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How to Buy a Preamplifier

PrimaLuna Evo 400 Tube Preamplifier

Before you choose a new preamp, you need to understand a few things: 

1.       Preamps are a profit center for many manufacturers. While tube amps are expensive to build, a decent tube preamp can be built and sold for $1500; at a profit.  Shocked?  People see a pretty faceplate and never look under the hood. But if you did look, you might be bummed out to see a lot of empty space. If it isn’t the parts inside, what exactly are you paying so much for?  Manufacturers have steadily increased the price of preamps over the last 20 years at a pace that far exceeds inflation. They are also utilizing fewer parts in their designs

2.       There are no new designs in preamps. Manufacturers make lofty claims about their “entry level” $5,000 preamp being “inspired by” or “trickle down” versions of their $20,000 flagship models.  But are they? Not really. All you need to do is search Google for interior photos and remember these facts:

A: The best tube preamps use more tubes. If a preamp uses one or two tubes, it’s usually a hybrid. The tube is used for “amplifying” or voltage gain, and a solid-state device like an FET is used to lower output impedance and “drive” the voltage through. There is only ONE reason to use an FET. It’s cheap. FET’s cost pennies while a tube and tube-socket costs around $20. Since you are paying $5,000 for the preamp, you would think they might be nice and spend the twenty bucks. But they don’t.

B: The best tube preamps are tube rectified. Look at their flagship model and you will see a rectifier tube or tube regulation so the circuit is pure tube. Why? It’s quieter than solid state rectification, dropping the noise floor. And it offers the most natural, textured, and vibrant presentation because the circuit is now pure tube. Solid state rectification is fine choice for a $1200 preamp. That is understandable. But a $5000 preamp? That’s absurd. Using a 5AR4 rectifier tube is not cheap, but it is the Gold Standard. PrimaLuna goes even further using two 5AR4 rectifier tubes in a dual-mono design to present your music with a three-dimensionality that will give you goosebumps.

C: The best tube preamps are dual-mono.  Easier said than done because to achieve a true dual-mono design means two power transformers and all the regulation circuits. In effect, dual-mono means building two discrete and separate preamps into one box. This is a rarity even at the highest price points.  All PrimaLuna preamps have been dual-mono from the beginning.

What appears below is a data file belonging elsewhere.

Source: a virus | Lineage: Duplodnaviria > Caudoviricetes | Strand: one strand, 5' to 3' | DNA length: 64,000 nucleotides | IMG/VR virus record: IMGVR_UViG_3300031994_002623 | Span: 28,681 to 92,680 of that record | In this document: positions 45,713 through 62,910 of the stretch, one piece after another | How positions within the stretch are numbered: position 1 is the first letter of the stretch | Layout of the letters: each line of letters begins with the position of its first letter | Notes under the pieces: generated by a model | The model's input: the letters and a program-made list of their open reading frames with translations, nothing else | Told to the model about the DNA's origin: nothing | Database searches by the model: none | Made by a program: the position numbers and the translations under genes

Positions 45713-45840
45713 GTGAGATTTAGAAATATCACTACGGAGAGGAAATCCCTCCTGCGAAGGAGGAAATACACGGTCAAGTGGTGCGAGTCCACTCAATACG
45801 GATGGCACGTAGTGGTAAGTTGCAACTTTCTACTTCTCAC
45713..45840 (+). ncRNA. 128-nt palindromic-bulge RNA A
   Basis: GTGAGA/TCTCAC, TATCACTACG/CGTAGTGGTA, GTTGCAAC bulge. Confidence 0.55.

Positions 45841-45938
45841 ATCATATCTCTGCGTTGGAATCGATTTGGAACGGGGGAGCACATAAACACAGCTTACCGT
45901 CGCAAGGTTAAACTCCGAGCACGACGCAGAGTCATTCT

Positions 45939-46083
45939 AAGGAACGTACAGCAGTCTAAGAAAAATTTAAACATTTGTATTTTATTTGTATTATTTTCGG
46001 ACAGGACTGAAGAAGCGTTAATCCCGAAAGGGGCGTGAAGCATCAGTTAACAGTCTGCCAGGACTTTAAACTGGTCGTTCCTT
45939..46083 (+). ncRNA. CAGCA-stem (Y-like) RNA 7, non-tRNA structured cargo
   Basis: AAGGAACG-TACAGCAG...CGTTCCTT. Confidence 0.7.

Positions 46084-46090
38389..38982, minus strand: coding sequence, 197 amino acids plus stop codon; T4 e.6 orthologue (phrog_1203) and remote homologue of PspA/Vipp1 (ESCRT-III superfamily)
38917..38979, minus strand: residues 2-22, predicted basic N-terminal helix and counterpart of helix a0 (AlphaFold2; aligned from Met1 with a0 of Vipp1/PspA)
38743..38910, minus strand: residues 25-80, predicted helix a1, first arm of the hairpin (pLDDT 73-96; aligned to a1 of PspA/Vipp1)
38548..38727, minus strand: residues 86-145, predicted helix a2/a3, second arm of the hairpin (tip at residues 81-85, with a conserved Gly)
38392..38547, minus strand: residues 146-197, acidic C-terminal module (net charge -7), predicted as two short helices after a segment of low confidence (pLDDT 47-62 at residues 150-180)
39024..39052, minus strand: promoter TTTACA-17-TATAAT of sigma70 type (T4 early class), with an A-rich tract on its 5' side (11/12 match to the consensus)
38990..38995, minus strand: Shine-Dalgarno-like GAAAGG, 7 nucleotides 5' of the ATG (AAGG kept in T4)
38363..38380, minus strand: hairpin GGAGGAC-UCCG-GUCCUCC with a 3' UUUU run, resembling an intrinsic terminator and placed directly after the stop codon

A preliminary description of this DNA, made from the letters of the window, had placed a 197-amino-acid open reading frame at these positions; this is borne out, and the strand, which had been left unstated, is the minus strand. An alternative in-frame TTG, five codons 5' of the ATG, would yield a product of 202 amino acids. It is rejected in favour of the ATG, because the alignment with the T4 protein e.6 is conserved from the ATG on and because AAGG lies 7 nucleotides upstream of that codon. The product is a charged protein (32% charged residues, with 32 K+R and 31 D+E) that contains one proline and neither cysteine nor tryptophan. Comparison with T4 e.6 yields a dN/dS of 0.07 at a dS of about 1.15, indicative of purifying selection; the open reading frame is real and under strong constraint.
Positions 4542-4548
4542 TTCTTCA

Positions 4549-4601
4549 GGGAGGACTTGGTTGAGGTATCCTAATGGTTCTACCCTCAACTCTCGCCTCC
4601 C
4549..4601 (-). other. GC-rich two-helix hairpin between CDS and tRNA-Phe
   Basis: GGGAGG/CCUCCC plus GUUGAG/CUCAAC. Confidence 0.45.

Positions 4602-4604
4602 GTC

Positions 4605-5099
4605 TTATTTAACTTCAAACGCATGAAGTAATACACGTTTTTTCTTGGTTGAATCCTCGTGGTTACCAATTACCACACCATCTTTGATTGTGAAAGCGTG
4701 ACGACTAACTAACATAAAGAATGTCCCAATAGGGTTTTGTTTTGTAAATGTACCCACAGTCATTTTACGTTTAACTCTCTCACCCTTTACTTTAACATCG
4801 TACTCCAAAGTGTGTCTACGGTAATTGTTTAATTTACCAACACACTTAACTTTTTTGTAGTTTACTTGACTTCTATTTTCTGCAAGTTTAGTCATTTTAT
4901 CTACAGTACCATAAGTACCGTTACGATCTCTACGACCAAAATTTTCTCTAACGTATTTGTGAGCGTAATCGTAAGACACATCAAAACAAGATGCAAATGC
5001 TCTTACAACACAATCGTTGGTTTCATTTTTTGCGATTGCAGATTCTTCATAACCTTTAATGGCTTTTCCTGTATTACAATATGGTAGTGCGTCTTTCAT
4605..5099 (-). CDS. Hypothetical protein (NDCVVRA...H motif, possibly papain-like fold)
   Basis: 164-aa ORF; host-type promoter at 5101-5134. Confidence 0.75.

D: The best tube preamps use analogue volume controls. Not volume control chips. Look inside the most well-known brand of tube preamps and you will see a chip called a DS1666-10 Digital Resistor IC.  At Primaluna, we understand the temptation to use this chip as they cost $4 each (half that in quantity!).   The preamp will sound fine and be quiet, but true to “chips” it will add an electronic “sheen” to the sound. PrimaLuna prefers analogue. And we use the Gold Standard in motorized potentiometers:  The iconic Alps Blue Velvet. Why? Because they track perfectly, stay quiet, and don’t sound like chips!

E: If you could have it all. Everything. You would want point to point wiring in the signal path. This is a true rarity. There are a couple of companies that do it (Atma-sphere is one), but it’s almost unheard of today. You need to look at history: The iconic preamps of the 1960’s like the Marantz 7C are desirable today because of point to point wiring.  Products with printed circuit boards (PCB’s) go down in value and end up forgotten at pawn shops. 

F:  Made in USA preamps are rarely made in USA. Contract factories overseas stuff circuit boards with parts and those circuit boards are then bolted into a box in the USA; and you are told it’s an American product.

3.       Never buy a preamplifier with an internal DAC. Why? Because digital changes, and history shows that preamplifiers with “old” digital become unwanted and have almost no resale value. 

4.       Never buy a preamplifier with an internal phonostage. Internal phonostages are “throw in” and are rarely good quality because manufacturers assume 90% of buyers won’t use them. The external phonostage market is very competitive. You can get something much better for as little as $200, and buy one that actually meets your cartridges needs and YOUR budget.

PrimaLuna doesn’t believe in fairy dust.

We believe in superior engineering and superior parts. That is why we use Swiss-made silver-plated OFC wiring, Mundorf capacitors from Germany, and from Japan, Takman resistors, Nichicon capacitors, Fujitsu relays, and Alps volume controls. Parts well-known for their superior sound quality; quite literally, the best of the best. That’s why you don’t see other manufacturers discussing this topic as we are now. They don’t want you to look behind the faceplate.

Thank you to PrimaLuna for this great information!